Nearly nine out of 10 UK workers have lost track of one or more of their workplace pensions, and therefore risk that their retirement savings aren’t working as hard as they could be.


Almost half of workers (42%) who have lost track of a pension say that they think between two and five of their various pots are now stranded, according to research carried out by wealth manager Netwealth, with £28,000 the average figure sitting in ‘lost’ pensions. The Pensions Policy Institute claims that there is a staggering £26.6 billion sitting in forgotten pensions, waiting to be claimed.

One of the main reasons that people lose track of pensions is that they have perhaps worked for several different companies over the years, and haven’t been able to stay on top of how all their various pension pots are performing.

If you do have money in a forgotten pension, you could be paying more than necessary in charges, or your money might be invested in assets that aren’t necessarily appropriate for you based on your investment timeframe and attitude to risk, or which are under-performing.
Charlotte Ransom, CEO and Founder of Netwealth, said: “Now more than ever, it is vital that consumers track down any stranded pensions that they have worked hard to earn, and that they act to recover them sooner rather than later to regain control over these important pools of value. Savers need to be protecting and fully maximising the value of their retirement savings, ensuring their assets are working as hard as they could be when it comes to delivering financial returns.”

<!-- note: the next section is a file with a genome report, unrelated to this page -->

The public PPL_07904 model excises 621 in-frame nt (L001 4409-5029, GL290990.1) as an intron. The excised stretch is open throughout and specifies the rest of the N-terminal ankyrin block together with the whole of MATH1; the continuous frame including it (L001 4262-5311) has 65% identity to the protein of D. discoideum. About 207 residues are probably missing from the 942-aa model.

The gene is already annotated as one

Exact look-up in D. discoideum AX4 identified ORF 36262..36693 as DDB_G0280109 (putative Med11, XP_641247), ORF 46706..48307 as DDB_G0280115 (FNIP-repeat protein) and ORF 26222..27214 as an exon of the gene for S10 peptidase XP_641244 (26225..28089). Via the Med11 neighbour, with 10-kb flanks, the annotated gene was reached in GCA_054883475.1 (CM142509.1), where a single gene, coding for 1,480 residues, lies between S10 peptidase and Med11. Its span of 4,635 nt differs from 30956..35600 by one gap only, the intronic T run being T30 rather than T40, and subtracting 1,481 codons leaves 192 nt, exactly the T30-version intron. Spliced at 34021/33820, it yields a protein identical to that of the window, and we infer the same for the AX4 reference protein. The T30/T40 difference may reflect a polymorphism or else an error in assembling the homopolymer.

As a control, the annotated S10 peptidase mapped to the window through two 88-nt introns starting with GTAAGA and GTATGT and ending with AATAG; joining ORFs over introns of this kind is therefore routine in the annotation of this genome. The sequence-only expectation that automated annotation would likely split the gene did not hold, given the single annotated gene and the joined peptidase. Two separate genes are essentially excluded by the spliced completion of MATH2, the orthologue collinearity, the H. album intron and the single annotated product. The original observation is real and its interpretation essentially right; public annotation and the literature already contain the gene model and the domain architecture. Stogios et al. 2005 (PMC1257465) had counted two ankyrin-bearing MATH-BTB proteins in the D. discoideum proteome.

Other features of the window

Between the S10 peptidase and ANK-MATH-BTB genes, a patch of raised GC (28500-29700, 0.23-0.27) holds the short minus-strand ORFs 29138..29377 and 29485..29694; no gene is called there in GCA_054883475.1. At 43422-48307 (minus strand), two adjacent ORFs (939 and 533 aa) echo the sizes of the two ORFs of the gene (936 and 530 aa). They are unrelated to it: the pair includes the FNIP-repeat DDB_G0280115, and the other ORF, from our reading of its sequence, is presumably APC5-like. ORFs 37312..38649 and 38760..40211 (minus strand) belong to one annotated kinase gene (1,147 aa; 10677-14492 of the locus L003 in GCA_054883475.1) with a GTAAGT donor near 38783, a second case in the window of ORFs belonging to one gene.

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If you think you have lost track of a pension, it’s a good idea to write a list of all the companies you’ve worked for, highlighting which you had a pension with. Once you’ve done that, search for any relevant paperwork with contact details, or contact your former employer directly to see if they can reunite you with your savings. Failing that,get in touch with the government’s free Pension Tracing Service to help you find contact details for workplace or personal pensions. You will need the name of your employer or pension provider to use the service.

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Worryingly, even those who do know where all their pensions are often fail to keep a close eye on how they are doing, potentially missing out on opportunities to boost their retirement savings.

Separate research carried out by the People’s Partnership found that nearly one in six retirement savers admit that they have never reviewed their pension, whilst a quarter review them less than once a year.

Kevin Martin, group director of customer services at People’s Partnership, provider of The People’s Pension, said: “There are simple steps that a person can take to ensure they are better prepared for retirement, including signing up for an online pension account, naming a beneficiary, checking your annual statement and ensuring your details are updated so your provider can stay in touch.”

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